A day at the races (Tuesday redux)

After the keynote, I wanted to run around and see a little more of the show floor. After reading of my complaints about sore aching feet, Owen had taken pity on my plight, and brought gifts. Doctor Shoals foam inserts for my shoes, and scissors to make them fit. While they didn’t turn my loafers into walking shoes, they went a long way to making me hobble less, and feel a little more human – and I’m not looking at walking the floor with quite the dread I had been.

I went booth to booth, in total random order, just looking at whatever products caught my eye. The first one was Garmin, makers of GPS systems – which tied right in with the geocaching article I previously wrote (https://mymac.com/showarticle.php?id=2184), and hobby I’ve been playing with. They are working on porting all their software “before the end of the year”. That’s a great sign – it has been rumored that someone high up in Garmin is an anti-mac-bigot and was actively campaigning against Macs. This seems to show that isn’t true, or that person is gone or has seen the light that another 5-10%+ of the U.S. market could mean.

Still, they were odd. I said I wanted to talk to them about their other products, and getting on the “beta” list for evaluation and pre-reviews. That didn’t sound like gibberish to me, but the guy I asked looked perplexed and poorly handed me off to a guy whose title was “engineer”. (The old point, and say, “go talk to him”). That guy was talking to a marathon runner about stuff for about 15 minutes or more, I understand, but I politely apologize for interrupting, mentioned that I was press, and had a real quick question, he glowered at me and continued to talk. Then when I got involved in the conversation they were having, because the Demo guy wasn’t pointing out brain-numbingly obvious facts about his own product that would answer the guys questions (like the new product has WAAS support which increases the runners accuracy to the level he needed, and so on). The demo cretin actively stepped in front of me with his back to me to shut me out. I was stunned by the stupidity of the move and left. While the rumors of Garmin being actively hostile to Macs may no longer be true, I can confirm the rumor that they put the worst demo-person I’ve ever dealt with. I walked away, a little pissed but with plenty else to see – and a product/company that should have excited me the most, now had me hoping that their competition (Magellan) follows their lead, so I can buy their products instead.

Fortunately, that was about the low-point of the day. Everyone else had at least a modicum of decorum and professionalism.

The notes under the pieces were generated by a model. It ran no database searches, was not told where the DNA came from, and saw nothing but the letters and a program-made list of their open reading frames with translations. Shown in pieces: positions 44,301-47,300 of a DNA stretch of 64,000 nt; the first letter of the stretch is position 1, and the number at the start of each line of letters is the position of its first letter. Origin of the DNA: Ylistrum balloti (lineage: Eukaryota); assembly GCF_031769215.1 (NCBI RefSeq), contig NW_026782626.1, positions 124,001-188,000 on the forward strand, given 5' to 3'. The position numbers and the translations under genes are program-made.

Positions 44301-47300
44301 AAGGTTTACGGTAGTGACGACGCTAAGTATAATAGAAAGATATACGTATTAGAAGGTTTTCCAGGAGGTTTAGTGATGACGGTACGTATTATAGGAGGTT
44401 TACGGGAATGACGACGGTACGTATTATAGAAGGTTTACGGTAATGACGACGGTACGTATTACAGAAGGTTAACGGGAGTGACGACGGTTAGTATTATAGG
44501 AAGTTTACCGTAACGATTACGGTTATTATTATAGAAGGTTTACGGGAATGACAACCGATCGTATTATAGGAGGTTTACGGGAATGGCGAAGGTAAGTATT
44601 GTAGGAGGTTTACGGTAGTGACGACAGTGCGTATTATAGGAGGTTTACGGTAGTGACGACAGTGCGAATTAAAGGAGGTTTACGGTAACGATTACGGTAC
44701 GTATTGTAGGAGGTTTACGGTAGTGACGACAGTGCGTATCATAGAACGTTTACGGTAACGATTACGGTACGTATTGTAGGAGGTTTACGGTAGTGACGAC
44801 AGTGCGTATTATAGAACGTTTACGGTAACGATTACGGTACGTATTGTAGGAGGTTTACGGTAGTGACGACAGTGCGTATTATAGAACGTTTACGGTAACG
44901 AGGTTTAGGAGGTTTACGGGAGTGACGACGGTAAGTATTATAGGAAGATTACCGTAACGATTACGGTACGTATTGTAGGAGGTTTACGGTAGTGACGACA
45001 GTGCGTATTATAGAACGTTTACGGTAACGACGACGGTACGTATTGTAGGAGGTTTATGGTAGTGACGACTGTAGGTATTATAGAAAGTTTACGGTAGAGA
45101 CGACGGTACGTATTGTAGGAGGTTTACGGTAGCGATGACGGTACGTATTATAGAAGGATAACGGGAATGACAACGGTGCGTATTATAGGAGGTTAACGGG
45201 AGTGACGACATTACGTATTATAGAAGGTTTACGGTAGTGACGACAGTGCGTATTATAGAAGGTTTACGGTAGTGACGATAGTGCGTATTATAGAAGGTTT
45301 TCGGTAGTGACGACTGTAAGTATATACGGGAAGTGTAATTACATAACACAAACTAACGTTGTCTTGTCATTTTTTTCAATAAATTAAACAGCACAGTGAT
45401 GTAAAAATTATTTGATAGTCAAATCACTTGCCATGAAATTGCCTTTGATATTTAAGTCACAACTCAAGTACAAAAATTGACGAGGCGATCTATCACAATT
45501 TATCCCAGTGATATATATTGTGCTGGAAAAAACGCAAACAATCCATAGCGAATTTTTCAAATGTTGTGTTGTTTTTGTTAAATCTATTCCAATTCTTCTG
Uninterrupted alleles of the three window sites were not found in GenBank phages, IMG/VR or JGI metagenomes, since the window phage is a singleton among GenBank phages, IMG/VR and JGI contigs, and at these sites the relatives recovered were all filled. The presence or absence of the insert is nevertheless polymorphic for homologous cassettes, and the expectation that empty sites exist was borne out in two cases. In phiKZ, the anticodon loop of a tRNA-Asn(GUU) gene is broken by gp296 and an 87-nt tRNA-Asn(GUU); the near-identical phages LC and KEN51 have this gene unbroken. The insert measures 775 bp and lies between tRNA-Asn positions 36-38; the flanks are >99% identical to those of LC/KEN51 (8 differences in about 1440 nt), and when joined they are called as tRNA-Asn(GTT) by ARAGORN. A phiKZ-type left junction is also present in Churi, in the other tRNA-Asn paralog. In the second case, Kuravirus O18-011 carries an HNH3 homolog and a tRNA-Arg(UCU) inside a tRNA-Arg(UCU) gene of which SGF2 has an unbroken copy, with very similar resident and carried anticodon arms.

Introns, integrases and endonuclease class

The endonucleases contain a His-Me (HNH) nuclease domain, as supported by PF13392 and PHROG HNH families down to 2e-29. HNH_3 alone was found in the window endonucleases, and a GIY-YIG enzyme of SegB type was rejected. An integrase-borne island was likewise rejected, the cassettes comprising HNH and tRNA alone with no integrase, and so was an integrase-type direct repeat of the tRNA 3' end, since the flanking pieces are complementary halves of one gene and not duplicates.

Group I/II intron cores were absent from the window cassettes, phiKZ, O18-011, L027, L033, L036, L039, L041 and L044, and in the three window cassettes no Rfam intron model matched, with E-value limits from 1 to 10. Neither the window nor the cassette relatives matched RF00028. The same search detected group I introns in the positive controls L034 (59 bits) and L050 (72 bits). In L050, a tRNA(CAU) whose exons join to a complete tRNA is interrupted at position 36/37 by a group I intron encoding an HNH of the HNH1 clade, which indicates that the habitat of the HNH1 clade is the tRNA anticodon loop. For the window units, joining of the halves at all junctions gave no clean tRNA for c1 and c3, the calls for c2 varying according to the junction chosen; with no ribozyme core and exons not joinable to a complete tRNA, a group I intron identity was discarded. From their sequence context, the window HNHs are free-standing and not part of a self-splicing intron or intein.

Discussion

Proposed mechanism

I talked to ADIC, the makers of Apple’s Xsan software, though they can’t say that. They had some interesting backup options (tape arrays) and software extensions. They were struggling a little to get their message across on what they offer, without stepping on any licensing agreements they might have with the Big Apple. I think they did a fairly good job.

PrintRoom is a company I worked with at the newspapers; a way for photographers to put their catalogs on-line and sell all sorts of merchandise from there, on the cheap. It is a turn key hosted (ASP) type solution – they do everything, their way interface wise. If you like it, it is fine – if you have too many of your own ideas, your probably going to have to compromise. But still, it is a nice way to get started on making money on the web, and get your toe in.

There were some really nice case designs out there. The show had a lot of fluff – iPod cases, and accessories. More than one person suggested that next year they go back to the “two hall” format, with one hall being Macs and the other being iPods. Some things were way cool – the dude that put the Mac Mini in his VW in the cleanest installation I’ve ever seen. But the first day for me is more a scan, and find what I have more interest in – and chatting with some people I bump into and know.

This show is both bigger and smaller than prior shows. There are a lot of people, and it is very healthy. In the heyday (say 1994/1995, the peak), the show used to fill both halls – this one is just one. But back then, they had used far fewer of the other halls, the upstairs Keynote room didn’t exist, they didn’t have all the training stuff going on, nearly as many reporters or presenters, nor have the micro-booths. So while the show floor may be a little smaller, the show itself feels bigger and healthier – with a ton of things to see. And with Apple announcing their last quarter’s performance, their stock jumping $5, and so on, it seems like the atmosphere is more than a little positive.


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